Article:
Anybody worth their salt with freelancing or small business experience can tell you all about what not
to do. We’ve all made mistakes. But one thing we don’t often talk about is how to make more money. I don’t mean we should rob people, but we need to earn fair and competitive prices. Nobody wants to be a broke artist!
I started freelancing almost two years ago and made a business out of it just about a year ago, and even in that short period of time, I’ve learned a lot about the right and wrong way to do things. With that in mind, here are some ways you can earn smarter and better money with your business:
1. Get a business account at the bank.
Nobody talks about this, and I can’t tell you why. Business accounts are usually cheap, especially compared to the money coming in. They’re separated from your personal accounts, so you’re less tempted to spend any tax dollars you’ve got in there. And they add a serious legitimacy to your business when your clients can send you a cheque with your business’s name on it instead of your own.
This is something I waited too long to do, but it was mostly painless and I’m glad I did it. I keep all my income tax in the account, and while I know I can’t spend it, it feels great to watch that dollar figure climb - even if my personal account isn’t always so hot by comparison.
2. Always get a written agreement of work.
I’ve been shafted for good money. Most of us have. The biggest amount I ever lost was thanks to a contract I whipped up myself. It wasn’t specific enough, and my employer didn’t see eye to eye. You need a good contract, or a work order. Some lawyers I know say you really just need an email confirmation.
You also need a good head on your shoulders. If there are red flags, and a client is being difficult about the contract and attaching millions of “I won’t pay you if…" stipulations, guess what? Those are there to make it easier for them to avoid paying you. Don’t take that contract. Don’t take that client. Don’t sign anything. Walk away. You’ll save yourself a lot of pain down the road, and the experience won’t be worth it.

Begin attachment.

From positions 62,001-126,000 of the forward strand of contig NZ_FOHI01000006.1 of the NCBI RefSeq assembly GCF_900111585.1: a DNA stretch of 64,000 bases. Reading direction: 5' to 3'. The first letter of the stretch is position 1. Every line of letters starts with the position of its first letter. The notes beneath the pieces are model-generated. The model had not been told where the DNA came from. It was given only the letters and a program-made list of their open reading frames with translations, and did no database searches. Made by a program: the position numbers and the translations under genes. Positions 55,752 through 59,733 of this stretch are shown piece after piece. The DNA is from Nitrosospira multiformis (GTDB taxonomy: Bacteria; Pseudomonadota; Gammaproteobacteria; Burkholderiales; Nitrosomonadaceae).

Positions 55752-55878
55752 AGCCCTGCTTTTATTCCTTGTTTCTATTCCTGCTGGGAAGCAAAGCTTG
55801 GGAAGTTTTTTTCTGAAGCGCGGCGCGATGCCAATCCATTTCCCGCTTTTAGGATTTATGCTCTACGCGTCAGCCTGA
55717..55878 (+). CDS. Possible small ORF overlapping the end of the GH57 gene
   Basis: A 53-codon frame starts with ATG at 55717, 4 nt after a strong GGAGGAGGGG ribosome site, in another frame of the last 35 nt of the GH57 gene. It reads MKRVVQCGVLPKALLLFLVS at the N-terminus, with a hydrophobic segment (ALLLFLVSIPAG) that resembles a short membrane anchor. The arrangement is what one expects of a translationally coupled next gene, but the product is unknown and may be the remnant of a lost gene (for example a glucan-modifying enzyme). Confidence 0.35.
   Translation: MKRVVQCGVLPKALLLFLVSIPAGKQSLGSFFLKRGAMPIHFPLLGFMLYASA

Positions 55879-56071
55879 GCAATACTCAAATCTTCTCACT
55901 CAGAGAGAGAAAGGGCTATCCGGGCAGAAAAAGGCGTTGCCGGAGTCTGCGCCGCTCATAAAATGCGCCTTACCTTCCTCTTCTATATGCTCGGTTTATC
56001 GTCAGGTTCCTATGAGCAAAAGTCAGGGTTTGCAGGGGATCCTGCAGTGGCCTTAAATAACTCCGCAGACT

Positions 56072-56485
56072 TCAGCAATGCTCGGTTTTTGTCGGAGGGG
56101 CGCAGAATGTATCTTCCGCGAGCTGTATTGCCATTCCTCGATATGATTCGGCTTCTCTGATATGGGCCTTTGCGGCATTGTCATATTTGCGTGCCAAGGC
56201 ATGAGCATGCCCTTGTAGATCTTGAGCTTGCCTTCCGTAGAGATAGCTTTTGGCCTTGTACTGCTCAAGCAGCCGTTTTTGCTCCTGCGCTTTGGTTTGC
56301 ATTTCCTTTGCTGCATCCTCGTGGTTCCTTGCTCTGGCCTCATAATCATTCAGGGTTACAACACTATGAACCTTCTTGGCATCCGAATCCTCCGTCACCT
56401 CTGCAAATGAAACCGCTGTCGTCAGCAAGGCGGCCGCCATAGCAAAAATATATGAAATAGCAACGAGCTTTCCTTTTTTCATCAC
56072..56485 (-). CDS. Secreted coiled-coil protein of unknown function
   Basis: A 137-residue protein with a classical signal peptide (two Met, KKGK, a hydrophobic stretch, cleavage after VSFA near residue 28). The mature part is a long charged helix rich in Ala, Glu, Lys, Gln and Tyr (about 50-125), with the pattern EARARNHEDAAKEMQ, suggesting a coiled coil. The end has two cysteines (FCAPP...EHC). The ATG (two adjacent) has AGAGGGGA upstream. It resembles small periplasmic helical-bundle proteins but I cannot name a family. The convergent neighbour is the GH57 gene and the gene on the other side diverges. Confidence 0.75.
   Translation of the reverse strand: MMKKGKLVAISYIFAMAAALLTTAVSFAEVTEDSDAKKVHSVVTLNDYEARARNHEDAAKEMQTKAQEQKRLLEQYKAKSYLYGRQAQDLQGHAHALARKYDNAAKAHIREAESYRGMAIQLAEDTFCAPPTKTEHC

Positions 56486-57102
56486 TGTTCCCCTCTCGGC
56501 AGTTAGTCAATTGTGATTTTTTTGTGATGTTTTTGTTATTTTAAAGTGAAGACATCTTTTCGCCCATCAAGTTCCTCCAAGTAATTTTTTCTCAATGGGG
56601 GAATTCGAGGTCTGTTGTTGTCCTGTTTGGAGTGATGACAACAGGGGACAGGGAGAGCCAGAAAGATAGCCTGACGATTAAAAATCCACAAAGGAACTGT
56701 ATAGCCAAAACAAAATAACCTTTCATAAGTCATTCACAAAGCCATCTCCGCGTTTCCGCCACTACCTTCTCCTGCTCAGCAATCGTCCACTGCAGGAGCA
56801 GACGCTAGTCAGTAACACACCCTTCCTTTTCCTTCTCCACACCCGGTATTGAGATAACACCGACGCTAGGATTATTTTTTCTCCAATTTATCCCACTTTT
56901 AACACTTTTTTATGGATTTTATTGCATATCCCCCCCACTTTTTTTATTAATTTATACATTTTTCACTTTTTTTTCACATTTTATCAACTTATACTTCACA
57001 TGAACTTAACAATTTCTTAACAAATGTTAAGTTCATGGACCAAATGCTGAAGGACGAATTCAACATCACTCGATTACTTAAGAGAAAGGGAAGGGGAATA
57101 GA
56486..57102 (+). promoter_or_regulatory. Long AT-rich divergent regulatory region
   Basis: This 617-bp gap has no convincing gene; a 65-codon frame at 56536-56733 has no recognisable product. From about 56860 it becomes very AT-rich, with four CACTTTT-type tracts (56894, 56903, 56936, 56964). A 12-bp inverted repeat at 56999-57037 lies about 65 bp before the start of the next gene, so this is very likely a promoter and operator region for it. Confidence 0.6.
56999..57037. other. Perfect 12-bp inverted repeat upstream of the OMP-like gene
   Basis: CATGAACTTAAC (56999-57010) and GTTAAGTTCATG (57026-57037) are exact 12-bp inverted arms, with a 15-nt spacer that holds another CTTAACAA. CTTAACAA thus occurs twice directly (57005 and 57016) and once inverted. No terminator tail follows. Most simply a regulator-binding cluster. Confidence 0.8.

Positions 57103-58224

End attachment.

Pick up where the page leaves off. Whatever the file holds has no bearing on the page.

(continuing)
It’s more than about just getting a written agreement of work. It’s about avoiding the bad ones.
3. Be meticulously detailed about your income and expenses.
I’m not saying you need Quickbooks or other banking programs to help you manage things, but you need somewhere to put things. Consider investing in a filing cabinet, particularly if you’re dealing with a lot of paperwork. I store each month’s expenses and invoices in their own subfolders on Dropbox, which is backed up weekly to an external as well.
This sort of thing has obvious benefits, like helping you breathe more easily when the taxman comes around (and those are never easy days). But it also comes with the benefit of mindfulness. When you can look at all the details of your money, it becomes easier to see the big picture. I recommend being detailed about your money so you can sit back later and figure out where you’re not charging enough, and where you’re charging too much. Quoterobot is great for this.
When I wasn’t doing this, I was stagnating. When I started doing this, I doubled my annual business in a matter of months. Mindfulness pays.
4. Get an accountant. Become his/her best friend.